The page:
In Summary

  • Analysis for ABC's The Drum by Agustin Chevez, adjunct research fellow, Swinburne University of Technology

If you have used Google, you are most likely familiar with "Autocomplete", the feature that completes search terms as you type. (Or "the computational equivalent of the real-world smartarse who finishes other people's sentences for them.")

Autocomplete has captivated people's imagination and inspired games like Google Feud, a version of Family Feud based not on what 100 people said but Google's previous searches. Others have used Autocomplete to create poems from the sometimes 'profound' meanings of the top four suggestions.

Researchers from the Department of Linguistics and English Language at Lancaster University used Autocomplete to study the perpetuation of stereotypes and inadvertent consequences of search algorithms. Others use Autocomplete to assess political, social and economic sentiment.

As a workplace researcher interested in understanding people and their workplaces, I was curious to know how Google would complete phrases like "my workplace is...", "my job is...", "going to work is...", and "my workmates...".

In October 2014, I typed the above terms into Google and the top suggestions were: "my workplace is making me sick", "my job is so boring", "going to work is depressing" and "my workmates don't like me". I repeated the same process every month for a year.

What did I discover at the end of the study?

That 'my workplace' is unsafe; my workmates don't like me; my boss hates me; my job is boring; going to work is depressing; and work is making you numb.

The table below shows the top three suggestions of the study across the 12 months. 

 My workplace is:My workmates:My boss*:Going to work is*:Work is*:My job is:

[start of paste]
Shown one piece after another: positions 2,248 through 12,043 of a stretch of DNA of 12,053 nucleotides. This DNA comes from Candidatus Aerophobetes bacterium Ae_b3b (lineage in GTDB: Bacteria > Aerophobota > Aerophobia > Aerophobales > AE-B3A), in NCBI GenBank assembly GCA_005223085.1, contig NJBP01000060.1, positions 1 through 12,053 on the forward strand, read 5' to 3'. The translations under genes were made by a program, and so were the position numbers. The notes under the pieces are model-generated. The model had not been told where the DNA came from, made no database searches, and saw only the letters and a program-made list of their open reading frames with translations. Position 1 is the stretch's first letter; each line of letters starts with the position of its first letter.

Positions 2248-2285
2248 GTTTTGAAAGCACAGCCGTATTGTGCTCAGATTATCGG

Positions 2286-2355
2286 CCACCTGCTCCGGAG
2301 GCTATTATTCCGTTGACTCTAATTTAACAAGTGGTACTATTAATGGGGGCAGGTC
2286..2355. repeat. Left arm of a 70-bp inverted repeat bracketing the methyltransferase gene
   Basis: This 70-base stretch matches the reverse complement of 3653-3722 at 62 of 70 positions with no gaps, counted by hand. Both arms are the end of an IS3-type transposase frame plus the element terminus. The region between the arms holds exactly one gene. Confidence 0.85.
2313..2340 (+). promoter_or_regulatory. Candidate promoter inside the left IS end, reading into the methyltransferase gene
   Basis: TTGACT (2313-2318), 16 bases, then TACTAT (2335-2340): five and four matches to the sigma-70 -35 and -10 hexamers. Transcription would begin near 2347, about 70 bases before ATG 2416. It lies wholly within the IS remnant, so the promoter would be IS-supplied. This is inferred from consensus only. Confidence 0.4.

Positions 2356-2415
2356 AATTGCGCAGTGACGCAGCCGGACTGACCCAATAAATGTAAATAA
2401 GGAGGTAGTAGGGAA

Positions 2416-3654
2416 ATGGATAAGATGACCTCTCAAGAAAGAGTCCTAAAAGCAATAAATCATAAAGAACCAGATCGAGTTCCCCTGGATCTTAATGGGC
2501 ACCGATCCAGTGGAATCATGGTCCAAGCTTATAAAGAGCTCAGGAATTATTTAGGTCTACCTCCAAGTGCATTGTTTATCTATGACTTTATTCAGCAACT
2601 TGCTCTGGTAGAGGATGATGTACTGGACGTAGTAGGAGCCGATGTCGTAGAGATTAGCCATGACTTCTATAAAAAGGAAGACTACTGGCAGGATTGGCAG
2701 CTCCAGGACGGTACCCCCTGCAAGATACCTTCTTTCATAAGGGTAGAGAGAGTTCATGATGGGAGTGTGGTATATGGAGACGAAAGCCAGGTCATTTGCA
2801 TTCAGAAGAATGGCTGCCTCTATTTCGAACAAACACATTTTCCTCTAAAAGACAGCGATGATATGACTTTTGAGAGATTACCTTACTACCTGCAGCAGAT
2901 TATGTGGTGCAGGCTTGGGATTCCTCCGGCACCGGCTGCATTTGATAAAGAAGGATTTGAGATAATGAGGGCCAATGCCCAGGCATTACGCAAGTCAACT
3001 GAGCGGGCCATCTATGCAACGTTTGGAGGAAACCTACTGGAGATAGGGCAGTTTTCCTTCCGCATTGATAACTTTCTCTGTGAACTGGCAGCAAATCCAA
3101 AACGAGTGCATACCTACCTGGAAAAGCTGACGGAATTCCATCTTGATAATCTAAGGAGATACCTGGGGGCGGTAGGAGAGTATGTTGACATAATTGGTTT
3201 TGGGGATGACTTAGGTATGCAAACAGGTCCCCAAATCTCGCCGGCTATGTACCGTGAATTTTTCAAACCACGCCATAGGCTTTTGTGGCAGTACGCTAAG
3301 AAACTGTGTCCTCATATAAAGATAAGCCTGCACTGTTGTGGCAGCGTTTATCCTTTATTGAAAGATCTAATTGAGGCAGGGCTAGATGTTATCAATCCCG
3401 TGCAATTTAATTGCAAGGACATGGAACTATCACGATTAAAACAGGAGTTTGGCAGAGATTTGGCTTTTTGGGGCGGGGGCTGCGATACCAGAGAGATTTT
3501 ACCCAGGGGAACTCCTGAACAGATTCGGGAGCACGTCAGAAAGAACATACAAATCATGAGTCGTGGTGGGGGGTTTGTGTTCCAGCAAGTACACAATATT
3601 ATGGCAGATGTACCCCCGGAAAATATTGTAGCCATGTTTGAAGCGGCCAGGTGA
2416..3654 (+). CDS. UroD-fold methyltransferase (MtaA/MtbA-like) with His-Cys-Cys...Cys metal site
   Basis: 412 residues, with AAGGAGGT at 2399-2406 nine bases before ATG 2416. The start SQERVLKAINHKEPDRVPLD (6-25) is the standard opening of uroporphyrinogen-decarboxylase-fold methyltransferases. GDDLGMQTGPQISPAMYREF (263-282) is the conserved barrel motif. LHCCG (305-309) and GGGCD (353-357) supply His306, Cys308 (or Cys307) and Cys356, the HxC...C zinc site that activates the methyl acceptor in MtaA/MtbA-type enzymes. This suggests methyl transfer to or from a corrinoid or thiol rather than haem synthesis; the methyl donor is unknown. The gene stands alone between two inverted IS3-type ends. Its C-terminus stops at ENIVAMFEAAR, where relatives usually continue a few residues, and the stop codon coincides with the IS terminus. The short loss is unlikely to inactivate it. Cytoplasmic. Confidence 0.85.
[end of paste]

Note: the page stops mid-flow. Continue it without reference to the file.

1st unsafe don't like me hates me depressing making you numb boring
2nd making me sick hate me is lazy a waste of time stressing me out so boring
3rd toxic are lazy is bullying me - depressing killing me


It should be noted that some Autocomplete suggestions were removed because they were unrelated to the study. For example, the phrase "my boss is..." was completed with "my hero" as the top suggestion. However, this was not the sentiment held by employees towards their managers, but the result of there being a popular 2001 South Korean film named "My boss, my hero".

It cannot be concluded from my study that workplaces are "unsafe", for instance, simply because this was the most prevalent Autocomplete suggestion.

But my study nevertheless gives us a glimpse into the mindsets of those who Google about their jobs.

Autocomplete points to a prevailing dissatisfaction in workplaces. Other studies support these negative sentiments. A Gallup study found that the majority of US employees (51 per cent) are not engaged in their jobs and 18 per cent are actively disengaged.

It would be a mistake to think there's a simple solution to this. For instance, office design can contribute to attracting and retaining staff in organisations, and can even help build trust between employees and the organisation. However, this alone won't solve the problem: a multi-disciplinary approach is needed.

So will we ever see Autocomplete suggestions like "my workplace is making me giddy with excitement" or "my boss is a legend"?

That might be overly optimistic. Judging by recent reports from the Committee for Economic Development of Australia (CEDA) and the World Economic Forum, we're more likely to see a future where people are searching "My boss is a computer".

Written by Dr Agustin Chevez, adjunct research fellow, Swinburne University of Technology. This article was originally published on ABC's The Drum. Read the original article